The 19 Pueblos of New Mexico are jointly developing 47 acres of prime commercial real estate in the North Valley of Albuquerque, the former property of the Albuquerque Indian School (AIS)—previously one of the largest American Indian schools in the country.
The Pueblos collectively hold the land in trust. Designated by the Pueblos as the AIS “District” this political subdivision is located in the center of a major U.S. city and is the first of its kind.
Studio Southwest Architects, an Albuquerque-based design and architecture company, has completed a master plan of the project, and CBRE—the Los Angeles-headquartered commercial real estate services firm, ranked the world’s largest by 2011 revenue—has been hired to assist in leasing the mixed-use development that will include additional office buildings, retail, restaurants and shop space.
Michael Canfield (Laguna Pueblo), assigned by the governors of the 19 Pueblos to the AIS project in 2010, recently took over leadership and management of the AISD property as president and CEO of Indian Pueblos Marketing, Inc.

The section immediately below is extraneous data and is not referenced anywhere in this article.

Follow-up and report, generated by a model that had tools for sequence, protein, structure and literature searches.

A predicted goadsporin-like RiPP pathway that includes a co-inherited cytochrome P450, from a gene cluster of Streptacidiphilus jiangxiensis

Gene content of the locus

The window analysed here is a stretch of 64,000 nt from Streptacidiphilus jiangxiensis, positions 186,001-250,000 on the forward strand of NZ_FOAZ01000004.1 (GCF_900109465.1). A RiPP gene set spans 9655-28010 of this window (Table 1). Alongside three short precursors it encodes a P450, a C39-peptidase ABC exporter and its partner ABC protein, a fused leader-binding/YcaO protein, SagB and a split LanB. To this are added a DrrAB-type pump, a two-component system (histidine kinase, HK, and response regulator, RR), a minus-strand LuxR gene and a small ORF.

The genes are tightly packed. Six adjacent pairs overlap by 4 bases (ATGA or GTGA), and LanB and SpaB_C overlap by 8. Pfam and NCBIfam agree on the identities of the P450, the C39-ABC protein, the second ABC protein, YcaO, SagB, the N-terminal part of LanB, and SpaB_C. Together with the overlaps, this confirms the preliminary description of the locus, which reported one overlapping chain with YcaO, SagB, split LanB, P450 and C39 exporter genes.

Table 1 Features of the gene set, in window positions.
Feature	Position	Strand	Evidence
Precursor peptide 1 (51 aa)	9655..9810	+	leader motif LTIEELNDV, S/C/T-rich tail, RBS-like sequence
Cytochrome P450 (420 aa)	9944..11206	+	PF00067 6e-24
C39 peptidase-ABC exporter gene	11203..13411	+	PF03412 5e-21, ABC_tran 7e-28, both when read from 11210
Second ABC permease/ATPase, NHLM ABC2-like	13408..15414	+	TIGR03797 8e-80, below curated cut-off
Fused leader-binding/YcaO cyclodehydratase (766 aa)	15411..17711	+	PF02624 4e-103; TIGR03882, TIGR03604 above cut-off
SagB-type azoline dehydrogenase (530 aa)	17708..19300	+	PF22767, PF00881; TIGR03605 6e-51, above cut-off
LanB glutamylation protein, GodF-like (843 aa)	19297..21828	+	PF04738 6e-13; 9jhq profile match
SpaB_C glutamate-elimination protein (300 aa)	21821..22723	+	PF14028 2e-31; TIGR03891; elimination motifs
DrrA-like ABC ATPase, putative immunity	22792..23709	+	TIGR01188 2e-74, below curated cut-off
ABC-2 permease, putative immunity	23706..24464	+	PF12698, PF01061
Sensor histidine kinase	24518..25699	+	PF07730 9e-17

“The Vision of the Albuquerque Indian School District is to become a self-sustaining district that we can manage as a micro-economy, a district where we can conduct government to government relations, a central location for celebrating Pueblo arts and a culture, and a district where we can provide significant economic development opportunities for our local community including the 19 Pueblos of New Mexico,” Canfield said in a press release.
With the AIS team complete, the CBRE team has begun the process of seeking interested tenants.
The District will incorporate retail and commercial development on the 47-acre site. Two, three-story buildings housing federal agencies have already been built. Future development includes three more buildings targeting government anchor tenants to fill an additional 500,000 square feet of space.
The master plan also includes retail buildings with a total footprint of 123,600 square feet. The project will include wide pedestrian walks, park-like landscaping and buildings with minimal western exposure to maximize views of the Sandia Mountains and provide a safe and pedestrian friendly environment.
The project has numerous LEED-driven sustainable design features such as sunshades, energy efficient HVAC, rainwater recovery, and healthy/recycled content interior materials.